From issue one of Ladowich. An Unpublished Interview with Kenneth Koch.

Jordan Davis: How about the Leonard Cohen story?

Kenneth Koch: I met Leonard Cohen on the island of Hydra in Greece where Janice and Katherine age five and I had gone for a summer vacation. And we became very good friends. We traveled also to Turkey together, to Istanbul. I liked Leonard a lot and so did Janice. We saw each other then a few times after that, it was nice and intense, but never more than a day. After some years, we were already living on West 4th Street, Katherine must have been ten by then. I ran into him on a bus. “Leonard!” I asked him what he was doing and he said, “Don’t you know? I’m a singer.” He had been a poet and a novelist. I got him to tell me all about it. I invited him over to our place and he told me I should become a singer too. I should sing all my poems. It was wonderful because you met lots of women and made a lot of money and you got to travel around and it was very satisfying to sing your poems. I said, “That’s great, Leonard,” and of course I was interested. I said, “Leonard, I can’t sing.” He said, “What do you mean?” I said, “I can’t carry a tune.” He said, “That’s good, that means no one else will be able to sing your stuff.” And I said, “Well okay, but also I don’t play an instrument.” He said, “You can probably learn — let’s try.There wasn’t anything that made noise except a vacuum cleaner. I plugged in the vacuum cleaner and I thought I’d be more in the mood to sing if I stood up on a chair. He said, “Sing one of your poems.” I said, “There’s no music to any of my poems.” He said, “That’s okay.” I sang, with intermittent noise from the vacuum cleaner, “You were wearing your Edgar Allan Poe printed cotton blouse” in a hillbilly voice.

Leonard interrupted me after a few bars I think they’re called — “You’re not serious.” Well there I was standing up on a chair and playing a vacuum cleaner. I stopped playing the vacuum cleaner and tried to be serious. He said, “I don’t believe you. Who are you singing to.” “Leonard, I’m singing to you, there’s no one else here.” “No — who in the audience. Who do you want to go to bed with after the show? Who are you addressing? Who do you want to like you?” “Twenty-two year old women.” “No. Everybody wants 22-year-old women. Sing to somebody else. You know who I sing to? 14-year-olds and 40-year olds.” I’m not sure those are the exact numbers — something like 14 and 40. I said, “Okay, I’ll try to sing to 14 yr olds.” But trying to sing my poems? It didn’t work too well. I said I’d try. At my age how can I get started? I can’t carry a tune I don’t play an instrument and I’ve never sung before. I was already 40 at least by then. “There’s one way you can help me.” And he said, “Anything, what is it.” “Are you going to have tributes on your sleeve, put me on the record jacket. Say, ‘Even the legendary Kenny has come out of retirement to praise Leonard Cohen.’” I figured that people who respond to this kind of thing are not exactly scholarly. He promised he would put this on the record cover. Months went by. I never heard from Leonard. I did receive from him this big rectangle, his record. On the cover was this girl (I don’t know if she was 14 or 40) rising from flames, somewhere in between, and on the back was Leonard, his lyrics, and no tributes. And no Kenny, and that was the end of another career, another attempt to become rich. And you probably don’t know my translations of the songs of Guy Béart.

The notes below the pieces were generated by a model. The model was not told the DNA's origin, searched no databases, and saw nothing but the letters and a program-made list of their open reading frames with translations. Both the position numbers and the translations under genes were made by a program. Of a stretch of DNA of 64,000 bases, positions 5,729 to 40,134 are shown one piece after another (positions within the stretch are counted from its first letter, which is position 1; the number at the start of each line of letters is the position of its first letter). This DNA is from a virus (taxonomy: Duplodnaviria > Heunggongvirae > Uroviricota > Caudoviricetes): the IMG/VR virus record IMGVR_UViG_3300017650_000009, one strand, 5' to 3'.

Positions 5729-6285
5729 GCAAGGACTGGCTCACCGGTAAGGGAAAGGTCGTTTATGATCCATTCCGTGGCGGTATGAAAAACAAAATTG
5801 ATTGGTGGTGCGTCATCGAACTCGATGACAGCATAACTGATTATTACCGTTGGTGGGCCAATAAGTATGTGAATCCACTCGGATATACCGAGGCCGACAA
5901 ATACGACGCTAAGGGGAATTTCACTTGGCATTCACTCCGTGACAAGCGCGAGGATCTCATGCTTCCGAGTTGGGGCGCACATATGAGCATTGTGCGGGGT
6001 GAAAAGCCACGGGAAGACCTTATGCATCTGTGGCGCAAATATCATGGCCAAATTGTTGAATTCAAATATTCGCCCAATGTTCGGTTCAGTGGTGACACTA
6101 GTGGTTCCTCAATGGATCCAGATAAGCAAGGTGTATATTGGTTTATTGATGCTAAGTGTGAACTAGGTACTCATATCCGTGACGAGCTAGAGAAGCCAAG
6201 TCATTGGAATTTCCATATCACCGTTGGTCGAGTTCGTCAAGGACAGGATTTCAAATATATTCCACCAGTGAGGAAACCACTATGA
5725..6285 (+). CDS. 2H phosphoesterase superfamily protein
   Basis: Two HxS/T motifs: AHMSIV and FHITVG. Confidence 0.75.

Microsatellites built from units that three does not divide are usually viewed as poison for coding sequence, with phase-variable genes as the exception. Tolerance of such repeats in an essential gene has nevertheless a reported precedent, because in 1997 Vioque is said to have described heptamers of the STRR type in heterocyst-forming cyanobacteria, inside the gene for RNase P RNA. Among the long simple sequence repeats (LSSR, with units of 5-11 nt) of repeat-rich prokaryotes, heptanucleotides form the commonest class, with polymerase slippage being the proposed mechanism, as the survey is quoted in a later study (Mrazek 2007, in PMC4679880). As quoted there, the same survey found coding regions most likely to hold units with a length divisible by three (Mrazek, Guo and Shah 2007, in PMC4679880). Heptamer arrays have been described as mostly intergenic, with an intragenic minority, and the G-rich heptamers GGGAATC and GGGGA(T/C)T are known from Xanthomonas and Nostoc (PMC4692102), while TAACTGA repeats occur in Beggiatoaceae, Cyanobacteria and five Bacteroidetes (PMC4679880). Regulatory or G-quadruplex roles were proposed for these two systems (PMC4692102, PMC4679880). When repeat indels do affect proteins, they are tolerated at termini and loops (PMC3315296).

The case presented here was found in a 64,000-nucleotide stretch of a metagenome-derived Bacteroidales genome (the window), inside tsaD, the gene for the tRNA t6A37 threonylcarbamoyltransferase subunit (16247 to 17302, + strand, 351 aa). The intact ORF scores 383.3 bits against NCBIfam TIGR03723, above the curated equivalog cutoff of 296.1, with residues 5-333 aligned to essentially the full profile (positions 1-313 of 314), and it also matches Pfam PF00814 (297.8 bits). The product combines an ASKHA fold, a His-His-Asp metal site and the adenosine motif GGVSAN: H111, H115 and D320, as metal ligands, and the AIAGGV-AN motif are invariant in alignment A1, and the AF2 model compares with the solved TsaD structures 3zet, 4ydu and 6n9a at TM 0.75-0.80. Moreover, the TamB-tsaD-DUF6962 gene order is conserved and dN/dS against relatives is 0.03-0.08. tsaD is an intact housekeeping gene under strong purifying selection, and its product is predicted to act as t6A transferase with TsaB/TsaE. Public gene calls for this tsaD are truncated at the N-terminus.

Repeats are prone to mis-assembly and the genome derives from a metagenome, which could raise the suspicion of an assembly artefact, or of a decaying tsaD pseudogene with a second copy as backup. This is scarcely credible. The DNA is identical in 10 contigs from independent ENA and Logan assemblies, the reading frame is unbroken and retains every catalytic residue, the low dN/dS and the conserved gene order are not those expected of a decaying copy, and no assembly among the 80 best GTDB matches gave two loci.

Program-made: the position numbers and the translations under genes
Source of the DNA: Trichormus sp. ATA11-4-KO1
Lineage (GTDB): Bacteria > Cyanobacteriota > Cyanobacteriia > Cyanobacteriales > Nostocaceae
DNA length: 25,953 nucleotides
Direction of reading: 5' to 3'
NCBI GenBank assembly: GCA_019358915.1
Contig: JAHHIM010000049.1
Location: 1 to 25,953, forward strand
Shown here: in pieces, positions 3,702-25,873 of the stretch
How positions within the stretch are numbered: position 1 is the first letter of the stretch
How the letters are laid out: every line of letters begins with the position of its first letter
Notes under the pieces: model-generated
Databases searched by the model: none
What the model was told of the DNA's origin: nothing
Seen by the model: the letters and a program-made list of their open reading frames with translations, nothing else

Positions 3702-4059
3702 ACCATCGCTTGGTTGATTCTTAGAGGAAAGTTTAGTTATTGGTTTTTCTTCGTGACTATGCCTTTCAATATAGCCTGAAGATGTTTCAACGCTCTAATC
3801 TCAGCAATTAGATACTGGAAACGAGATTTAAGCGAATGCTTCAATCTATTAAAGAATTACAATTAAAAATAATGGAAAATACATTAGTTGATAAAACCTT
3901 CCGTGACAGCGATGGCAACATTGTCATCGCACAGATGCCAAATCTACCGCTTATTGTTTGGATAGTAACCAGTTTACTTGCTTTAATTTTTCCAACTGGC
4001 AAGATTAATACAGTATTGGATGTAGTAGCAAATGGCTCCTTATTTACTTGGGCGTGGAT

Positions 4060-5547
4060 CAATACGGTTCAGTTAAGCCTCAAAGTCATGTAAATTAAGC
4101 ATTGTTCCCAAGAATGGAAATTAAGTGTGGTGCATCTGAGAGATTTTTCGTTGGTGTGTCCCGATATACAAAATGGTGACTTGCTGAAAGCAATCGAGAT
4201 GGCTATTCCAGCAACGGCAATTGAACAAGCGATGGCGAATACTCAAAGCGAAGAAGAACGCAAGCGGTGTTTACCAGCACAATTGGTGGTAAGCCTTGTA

Ladowich Magazine is available in the Apple Newsstand — https://t.co/bhbBwDr0F9 — offering just enough poetry and one longread a month. The interview excerpted here appears in issue one.